Microsoft faces suit over IE-related EU fine
Shareholder alleges mismanagement in Web browser choice scandal
Microsoft Corp's board has become embroiled in a lawsuit over the alleged inadequacy of its investigation into an Internet Explorer glitch that led to a record-breaking $731m fine by EU regulators, Reuters reported.
The fine, imposed in March 2013, addressed Microsoft Windows' ballot screen, which is supposed to give European users of Microsoft's OS a choice between Web browsers. Between May 2011 and July 2012, this choice was not given to 15m users and Microsoft was held to be in breach of a legal agreement dating back to 2009. At the time, Microsoft sought to belittle the issue by referring to the oversight as a "technical error".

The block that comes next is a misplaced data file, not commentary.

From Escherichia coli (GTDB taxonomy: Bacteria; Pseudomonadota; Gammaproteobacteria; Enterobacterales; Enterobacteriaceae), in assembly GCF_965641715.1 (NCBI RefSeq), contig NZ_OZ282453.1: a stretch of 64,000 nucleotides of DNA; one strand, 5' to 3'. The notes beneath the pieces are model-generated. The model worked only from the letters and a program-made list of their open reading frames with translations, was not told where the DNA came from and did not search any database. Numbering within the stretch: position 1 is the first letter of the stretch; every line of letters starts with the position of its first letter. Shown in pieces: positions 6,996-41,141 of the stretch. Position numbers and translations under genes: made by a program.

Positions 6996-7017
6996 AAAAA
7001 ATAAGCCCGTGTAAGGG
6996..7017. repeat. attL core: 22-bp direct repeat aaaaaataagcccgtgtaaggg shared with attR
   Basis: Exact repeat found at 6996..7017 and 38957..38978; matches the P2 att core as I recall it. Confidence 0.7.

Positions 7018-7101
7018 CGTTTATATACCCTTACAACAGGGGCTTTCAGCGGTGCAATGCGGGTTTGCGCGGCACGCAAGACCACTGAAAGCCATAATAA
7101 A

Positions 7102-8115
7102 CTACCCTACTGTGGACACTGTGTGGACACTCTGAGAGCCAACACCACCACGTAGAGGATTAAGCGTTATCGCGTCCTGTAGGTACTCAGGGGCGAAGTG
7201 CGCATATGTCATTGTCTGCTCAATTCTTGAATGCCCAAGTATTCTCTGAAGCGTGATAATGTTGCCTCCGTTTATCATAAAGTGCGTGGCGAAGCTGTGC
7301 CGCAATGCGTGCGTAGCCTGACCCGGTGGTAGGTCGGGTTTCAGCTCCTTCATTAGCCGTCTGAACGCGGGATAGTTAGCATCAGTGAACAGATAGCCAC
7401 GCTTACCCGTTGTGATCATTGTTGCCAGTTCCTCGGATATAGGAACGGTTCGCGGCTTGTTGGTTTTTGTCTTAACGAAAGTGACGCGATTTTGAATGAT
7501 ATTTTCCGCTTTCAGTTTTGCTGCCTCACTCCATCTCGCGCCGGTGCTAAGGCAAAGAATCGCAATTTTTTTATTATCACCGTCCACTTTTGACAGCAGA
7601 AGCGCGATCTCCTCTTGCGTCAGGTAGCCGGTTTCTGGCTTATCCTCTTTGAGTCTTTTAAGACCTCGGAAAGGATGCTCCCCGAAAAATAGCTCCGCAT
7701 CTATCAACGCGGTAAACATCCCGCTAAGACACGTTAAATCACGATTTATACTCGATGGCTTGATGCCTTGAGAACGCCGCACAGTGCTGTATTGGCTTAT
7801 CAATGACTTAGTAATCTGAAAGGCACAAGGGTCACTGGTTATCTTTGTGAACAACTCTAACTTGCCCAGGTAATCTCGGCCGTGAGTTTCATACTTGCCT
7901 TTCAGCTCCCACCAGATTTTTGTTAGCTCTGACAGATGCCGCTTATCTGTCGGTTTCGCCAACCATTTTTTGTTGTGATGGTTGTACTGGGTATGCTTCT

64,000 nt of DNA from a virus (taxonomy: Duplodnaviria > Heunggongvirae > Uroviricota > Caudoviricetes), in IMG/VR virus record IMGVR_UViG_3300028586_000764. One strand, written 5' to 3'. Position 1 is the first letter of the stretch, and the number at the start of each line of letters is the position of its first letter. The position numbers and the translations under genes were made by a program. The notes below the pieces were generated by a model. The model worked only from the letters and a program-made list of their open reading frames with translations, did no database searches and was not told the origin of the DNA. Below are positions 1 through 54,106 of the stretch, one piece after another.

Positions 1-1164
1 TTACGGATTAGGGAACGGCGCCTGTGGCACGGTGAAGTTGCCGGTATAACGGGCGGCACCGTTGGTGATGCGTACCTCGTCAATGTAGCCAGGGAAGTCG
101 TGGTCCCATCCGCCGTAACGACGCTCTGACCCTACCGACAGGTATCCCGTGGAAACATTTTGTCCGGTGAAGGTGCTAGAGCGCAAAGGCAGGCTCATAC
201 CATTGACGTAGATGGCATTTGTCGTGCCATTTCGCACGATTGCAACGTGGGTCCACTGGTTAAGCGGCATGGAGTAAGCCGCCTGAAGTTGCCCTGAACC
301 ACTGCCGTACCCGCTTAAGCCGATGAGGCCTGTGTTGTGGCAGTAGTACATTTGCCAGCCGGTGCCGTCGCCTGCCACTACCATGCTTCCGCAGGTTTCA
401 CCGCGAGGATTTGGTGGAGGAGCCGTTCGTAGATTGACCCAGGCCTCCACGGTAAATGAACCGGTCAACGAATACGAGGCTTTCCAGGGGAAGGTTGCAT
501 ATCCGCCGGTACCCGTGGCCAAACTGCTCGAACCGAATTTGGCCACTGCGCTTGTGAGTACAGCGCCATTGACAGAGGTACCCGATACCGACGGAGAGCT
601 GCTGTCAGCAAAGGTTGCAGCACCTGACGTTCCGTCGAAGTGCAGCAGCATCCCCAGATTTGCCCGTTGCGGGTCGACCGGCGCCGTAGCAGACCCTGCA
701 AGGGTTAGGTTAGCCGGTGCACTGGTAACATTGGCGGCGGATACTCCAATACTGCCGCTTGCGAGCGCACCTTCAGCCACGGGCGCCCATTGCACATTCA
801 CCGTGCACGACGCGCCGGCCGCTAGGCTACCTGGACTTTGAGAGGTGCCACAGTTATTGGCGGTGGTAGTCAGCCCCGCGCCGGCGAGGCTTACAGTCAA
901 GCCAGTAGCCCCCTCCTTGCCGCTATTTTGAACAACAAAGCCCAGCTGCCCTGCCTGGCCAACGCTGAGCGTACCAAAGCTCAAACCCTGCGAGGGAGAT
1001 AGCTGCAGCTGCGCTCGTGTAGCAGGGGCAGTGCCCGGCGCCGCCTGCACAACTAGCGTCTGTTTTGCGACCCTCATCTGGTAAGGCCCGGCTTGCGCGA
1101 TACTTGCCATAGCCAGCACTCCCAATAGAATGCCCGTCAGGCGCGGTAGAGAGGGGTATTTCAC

The lawsuit was brought in a Seattle court by shareholder Kim Barovic. It alleges mismanagement on the part of a number of executives regarding the investigation into the glitch. Barovic claims she asked the board to find out if any high-ranking executives had been negligent, but was informed that there was "no basis" for such a belief.
"Ms. Barovic asked the board to investigate her demand and bring a lawsuit against the board and company executives," Microsoft said in a statement on Friday.
"The board thoroughly considered her demand as she requested and found no basis for such a suit."